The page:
Ghost of Showa looks at the spectres that haunt the economy of modern East Asia and the darkly ambiguous legacy of opium in the development of the Asian state. The piece moves between a narration of the colonial bureaucrat, prime minister and war criminal Nobusuke Kishi’s life and a counter-narrative told through the historical witness figure of the grandmother, recalling the interlocking stories of the Chinese, Korean and Japanese women and men who bore the burden of Japanese economic policy in its colonies.
These stories combine to paint a portrait of a colonial state from the points–of-view of both the oppressor and the oppressed, while a description of the economic role played by opium within the structure of a colonial state is woven through the narrative. The performance moves between lecture and dance, the piece playing out as an elaborate butoh. With the grandmother as narrator, the male and female figures engage in a ‘dance of darkness’, responding to and mirroring the animated images and text.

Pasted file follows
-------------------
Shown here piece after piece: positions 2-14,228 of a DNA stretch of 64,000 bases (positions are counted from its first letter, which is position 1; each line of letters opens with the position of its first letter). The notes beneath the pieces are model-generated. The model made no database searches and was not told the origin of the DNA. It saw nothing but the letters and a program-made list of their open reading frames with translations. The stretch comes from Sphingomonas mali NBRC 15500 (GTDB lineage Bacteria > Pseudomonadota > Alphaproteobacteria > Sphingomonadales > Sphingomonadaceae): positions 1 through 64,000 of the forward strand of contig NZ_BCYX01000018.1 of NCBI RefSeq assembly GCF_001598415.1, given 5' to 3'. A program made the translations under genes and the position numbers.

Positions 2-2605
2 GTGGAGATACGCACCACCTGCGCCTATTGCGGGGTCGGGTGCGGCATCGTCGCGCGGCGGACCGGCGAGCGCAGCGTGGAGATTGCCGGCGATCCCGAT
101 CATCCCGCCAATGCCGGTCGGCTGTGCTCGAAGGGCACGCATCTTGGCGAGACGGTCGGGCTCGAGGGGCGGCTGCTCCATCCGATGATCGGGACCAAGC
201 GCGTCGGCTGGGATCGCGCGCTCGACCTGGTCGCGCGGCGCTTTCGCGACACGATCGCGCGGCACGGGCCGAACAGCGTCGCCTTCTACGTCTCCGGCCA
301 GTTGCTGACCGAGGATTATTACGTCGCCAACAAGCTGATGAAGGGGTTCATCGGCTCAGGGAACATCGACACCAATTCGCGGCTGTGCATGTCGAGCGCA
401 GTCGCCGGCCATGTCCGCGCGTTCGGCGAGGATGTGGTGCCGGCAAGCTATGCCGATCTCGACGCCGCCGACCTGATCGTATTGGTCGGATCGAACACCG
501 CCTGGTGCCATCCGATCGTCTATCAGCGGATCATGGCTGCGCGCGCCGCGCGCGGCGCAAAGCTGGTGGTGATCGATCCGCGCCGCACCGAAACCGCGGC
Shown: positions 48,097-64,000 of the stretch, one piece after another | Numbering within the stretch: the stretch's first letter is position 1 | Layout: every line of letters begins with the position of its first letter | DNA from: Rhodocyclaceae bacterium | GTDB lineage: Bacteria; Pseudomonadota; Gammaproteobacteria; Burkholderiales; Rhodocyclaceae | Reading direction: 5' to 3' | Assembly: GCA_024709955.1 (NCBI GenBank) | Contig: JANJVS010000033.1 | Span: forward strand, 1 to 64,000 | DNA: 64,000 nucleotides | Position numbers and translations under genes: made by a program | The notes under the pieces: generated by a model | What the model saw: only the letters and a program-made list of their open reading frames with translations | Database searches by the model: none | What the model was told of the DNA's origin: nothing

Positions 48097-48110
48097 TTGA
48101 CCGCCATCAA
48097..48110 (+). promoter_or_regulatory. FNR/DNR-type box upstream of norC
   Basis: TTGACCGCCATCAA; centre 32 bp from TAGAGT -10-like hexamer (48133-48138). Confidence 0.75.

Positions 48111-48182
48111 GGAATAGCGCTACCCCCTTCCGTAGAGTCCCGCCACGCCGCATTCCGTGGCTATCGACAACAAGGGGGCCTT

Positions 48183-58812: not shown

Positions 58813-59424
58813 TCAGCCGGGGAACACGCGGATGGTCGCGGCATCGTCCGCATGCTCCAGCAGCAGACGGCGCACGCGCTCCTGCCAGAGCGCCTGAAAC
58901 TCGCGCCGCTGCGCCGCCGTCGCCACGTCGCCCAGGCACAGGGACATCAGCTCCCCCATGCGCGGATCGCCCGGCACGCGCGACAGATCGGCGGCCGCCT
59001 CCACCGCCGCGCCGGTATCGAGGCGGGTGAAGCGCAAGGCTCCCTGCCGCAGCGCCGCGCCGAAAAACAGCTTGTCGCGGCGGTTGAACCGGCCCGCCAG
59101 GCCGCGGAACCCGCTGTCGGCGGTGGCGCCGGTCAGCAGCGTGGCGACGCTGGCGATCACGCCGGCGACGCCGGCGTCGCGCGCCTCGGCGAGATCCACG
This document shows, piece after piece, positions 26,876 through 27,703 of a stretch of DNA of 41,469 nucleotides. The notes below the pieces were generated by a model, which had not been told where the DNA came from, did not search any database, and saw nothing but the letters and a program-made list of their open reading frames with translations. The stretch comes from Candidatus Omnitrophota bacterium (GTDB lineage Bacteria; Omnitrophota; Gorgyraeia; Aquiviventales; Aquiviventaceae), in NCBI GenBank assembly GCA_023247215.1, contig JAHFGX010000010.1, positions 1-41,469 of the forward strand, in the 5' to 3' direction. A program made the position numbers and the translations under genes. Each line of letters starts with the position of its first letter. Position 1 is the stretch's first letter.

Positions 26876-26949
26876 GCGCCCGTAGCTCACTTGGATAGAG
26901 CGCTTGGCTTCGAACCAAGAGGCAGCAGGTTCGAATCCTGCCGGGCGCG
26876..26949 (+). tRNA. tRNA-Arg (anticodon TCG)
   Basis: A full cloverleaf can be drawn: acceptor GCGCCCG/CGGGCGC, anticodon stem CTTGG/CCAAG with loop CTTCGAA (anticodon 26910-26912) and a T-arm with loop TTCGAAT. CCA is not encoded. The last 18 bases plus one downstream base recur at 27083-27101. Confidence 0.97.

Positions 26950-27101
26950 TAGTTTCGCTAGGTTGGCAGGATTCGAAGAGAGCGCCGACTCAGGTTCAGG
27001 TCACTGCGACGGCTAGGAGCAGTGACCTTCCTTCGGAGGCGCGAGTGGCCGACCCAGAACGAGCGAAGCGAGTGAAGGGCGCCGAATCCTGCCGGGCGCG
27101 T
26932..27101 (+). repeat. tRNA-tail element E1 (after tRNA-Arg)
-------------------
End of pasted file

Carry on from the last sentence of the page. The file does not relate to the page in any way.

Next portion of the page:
Text & Direction: Royce Ng / Choreography: Yangjah / Performers: Wang Bo, Yangjah, Royce Ng / Sound Design: John Bartley / Animation: Zheng Mahler Studio / Commissioned by Asia Culture Center Theatre (Gwangju, KR) / Co-produced by Theater der Welt 2017 (Hamburg, DE) & National Museum of Modern and Contemporary Art (Seoul, KR).